The riots in France have made the world suddenly aware of a reality which city dwellers in Europe have known for some years: that there are no-go areas surrounding almost every major European town. These have become virtually self-ruling enclaves, abandoned by European authorities and police. A case in point is the Swedish town of Malmo, which is said to be unique because creeping anarchy has spread to almost the entire town.
Another thing which many people have known, but which has never been said aloud, is the spread of polygamy across Western Europe. Since yesterday, when French officials, including one government minister, cited polygamy as a possible factor of social breakdown in the suburbs, the media are suddenly devoting attention to a phenomenon which many people have known existed for years: Muslim immigrants going home for a holiday and returning with an additional wife.
Only last week (November 11) the Norwegian newspaper Aftenposten reported statements from Norway’s Directorate of Immigration (UDI) that there are an increasing number of men with multiple wives in Norway. “The reason is married men travel to countries where polygamy is legal and then add a wife.” Though polygamy is illegal in Norway, “this is something that Norwegian authorities cannot prevent,” said UDI spokesman Karl Erik Sjoholt. The question is whether the authorities should encourage it. The Islamic Cultural Center Norway (ICCN), an immigrant organisation subsidised by the Norwegian state, advises Muslims in Norway to take several wives because polygamy “is advantageous and ought to be practiced where conditions lend themselves to such practice.”
So far men have been allowed to bring their second wives into Norway. As the strain on the Norwegian welfare system increases, the Immigration Directorate suggests that the government should prevent married men who marry again without first divorcing in Norway from bringing their new wives to Norway.
Muslim immigrants who come to live in Europe often bring along their extended families, which may contain two, three and even four wives, and all of their offspring. Such families average up to 15 people, which means that up to half a million of France’s 60 million inhabitants, a significant section of the entire population, may be living in polygamous families. There are also hundreds of polygamous families in Britain, Germany, the Netherlands and other countries. According to Jacques Kossowki, the mayor of Courbevoie in France and an MP, “It’s a disaster. We don’t even have housing big enough for these people.”
In Britain legislators have chosen to adopt a liberal approach, amending existing laws in an effort to accommodate the needs of the local Muslim population. Last year the Sunday Times reported that Muslim second wives will get a tax break: “The Inland Revenue is considering recognising polygamy for some religious groups for tax purposes. Officials have agreed to examine ‘family friendly’ representations from Muslims who take up to four wives under sharia, the laws derived from the Koran. Existing rules allow only one wife for inheritance tax purposes. The Revenue has been asked to relax this so that a husband’s estate can be divided tax-free between several wives.”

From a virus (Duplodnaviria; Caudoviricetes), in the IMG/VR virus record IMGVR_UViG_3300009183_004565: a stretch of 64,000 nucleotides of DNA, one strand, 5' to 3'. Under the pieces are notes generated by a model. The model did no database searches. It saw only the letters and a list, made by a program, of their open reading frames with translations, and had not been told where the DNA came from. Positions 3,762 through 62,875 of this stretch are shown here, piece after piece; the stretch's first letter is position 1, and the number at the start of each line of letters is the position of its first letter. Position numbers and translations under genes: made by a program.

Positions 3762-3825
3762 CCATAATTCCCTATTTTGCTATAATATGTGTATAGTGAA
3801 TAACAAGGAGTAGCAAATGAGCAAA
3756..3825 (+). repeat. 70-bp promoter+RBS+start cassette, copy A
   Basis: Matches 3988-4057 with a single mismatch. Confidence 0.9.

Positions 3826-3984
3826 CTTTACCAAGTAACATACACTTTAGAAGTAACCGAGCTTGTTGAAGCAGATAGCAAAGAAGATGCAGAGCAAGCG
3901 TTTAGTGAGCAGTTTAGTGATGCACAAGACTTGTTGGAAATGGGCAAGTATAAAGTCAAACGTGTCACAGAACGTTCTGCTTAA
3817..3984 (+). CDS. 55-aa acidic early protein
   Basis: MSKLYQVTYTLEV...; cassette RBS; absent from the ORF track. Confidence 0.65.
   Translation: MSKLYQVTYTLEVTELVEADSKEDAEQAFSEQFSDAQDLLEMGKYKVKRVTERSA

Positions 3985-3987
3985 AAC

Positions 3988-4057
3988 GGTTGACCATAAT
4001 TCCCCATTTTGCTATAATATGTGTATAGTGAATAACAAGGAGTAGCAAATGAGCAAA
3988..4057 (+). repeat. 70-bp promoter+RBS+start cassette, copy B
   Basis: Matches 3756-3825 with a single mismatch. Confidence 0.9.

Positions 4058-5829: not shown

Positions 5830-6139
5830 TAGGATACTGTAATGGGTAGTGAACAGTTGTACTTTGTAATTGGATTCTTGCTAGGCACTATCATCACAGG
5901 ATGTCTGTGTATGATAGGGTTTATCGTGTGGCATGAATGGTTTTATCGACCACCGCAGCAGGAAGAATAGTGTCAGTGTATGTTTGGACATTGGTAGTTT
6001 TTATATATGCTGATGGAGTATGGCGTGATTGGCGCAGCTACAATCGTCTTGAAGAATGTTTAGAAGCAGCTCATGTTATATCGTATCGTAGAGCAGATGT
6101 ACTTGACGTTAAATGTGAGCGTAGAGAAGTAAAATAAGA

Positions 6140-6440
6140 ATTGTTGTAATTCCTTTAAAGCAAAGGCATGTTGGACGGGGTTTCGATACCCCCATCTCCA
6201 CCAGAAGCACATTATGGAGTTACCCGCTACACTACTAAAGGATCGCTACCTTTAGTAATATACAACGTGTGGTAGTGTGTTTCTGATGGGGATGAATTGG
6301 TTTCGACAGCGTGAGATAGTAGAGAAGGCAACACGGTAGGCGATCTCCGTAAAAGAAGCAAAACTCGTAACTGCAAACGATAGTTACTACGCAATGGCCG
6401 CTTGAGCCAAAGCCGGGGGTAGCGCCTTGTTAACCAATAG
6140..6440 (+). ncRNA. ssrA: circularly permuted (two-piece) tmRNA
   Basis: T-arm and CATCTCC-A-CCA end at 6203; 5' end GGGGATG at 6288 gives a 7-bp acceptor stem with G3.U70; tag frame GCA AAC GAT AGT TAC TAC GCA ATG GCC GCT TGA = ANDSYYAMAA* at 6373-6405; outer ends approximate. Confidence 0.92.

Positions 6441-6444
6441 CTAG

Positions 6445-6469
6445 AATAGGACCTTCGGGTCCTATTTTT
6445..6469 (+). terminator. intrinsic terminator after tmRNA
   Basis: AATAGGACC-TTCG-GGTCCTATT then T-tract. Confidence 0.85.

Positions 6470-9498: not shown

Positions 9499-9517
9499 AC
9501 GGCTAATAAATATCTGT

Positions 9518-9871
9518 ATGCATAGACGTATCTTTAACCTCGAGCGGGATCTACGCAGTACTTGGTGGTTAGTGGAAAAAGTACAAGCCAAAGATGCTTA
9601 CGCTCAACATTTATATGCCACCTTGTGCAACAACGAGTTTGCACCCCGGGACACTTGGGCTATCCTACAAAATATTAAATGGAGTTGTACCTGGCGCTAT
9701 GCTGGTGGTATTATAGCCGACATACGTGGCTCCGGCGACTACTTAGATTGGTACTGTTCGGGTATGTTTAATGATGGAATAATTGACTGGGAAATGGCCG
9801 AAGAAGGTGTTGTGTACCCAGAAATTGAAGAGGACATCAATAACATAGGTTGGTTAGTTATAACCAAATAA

The stealth with which the European authorities have for almost two decades now been accepting polygamy is a clear indication that Western Europe has lost all faith in its own traditional values, such as monogamous marriage. This also became clear recently when the Dutch authorities refused to annul the civil union which a Dutch man concluded with two women before a notary. The latter is morally distinct from the traditional polygamy of the Muslims because the two women involved also engage in a lesbian relationship (their “husband” said his wives were bisexual), making the case not only a trio-marriage but a homosexual relationship as well. At least the Muslims have never taken decadence that far. How can societies that accept such situations object to Muslims with multiple wives?
In fact the Muslims are not to blame for the collapse of Western Europe’s civilisation. The latter’s problems are entirely self-inflicted. The reality that the old continent is gradually, but ever more rapidly, becoming Islamic is a consequence of the suicide of its once Christian and now hedonist and secular culture. The attitude that everyone can do whatever he or she likes so long as it makes them happy, is leading us directly to Eurabia. However, those who care about happiness may find consolation in the words of Philander Johnson: “Cheer up, the worst is yet to come.”
About the author
Paul Belien is the editor of the Flemish quarterly Secessie and the editor-in-chief of The Brussels Journal. He is a columnist at the Flemish weekly Pallieterke and at the Flemish monthly Doorbraak and a regular contributor to the Flemish conservative monthly Nucleus, which he co-founded in 1990.
Paul Belien is the author of numerous articles, essays and books, including, most recently, A Throne in Brussels. He is the co-author – together with Lady Thatcher, Lord Tebbit, Philippe Seguin and others – Visions of Europe (Duckworth, 1994) and – with Harvard Business School’s Prof. Regina Herzlinger – Consumer-Driven Health Care (Jossey-Bass, 2004). He has given lectures on European health care systems in various countries, including the U.S., Canada, Japan and Australia.
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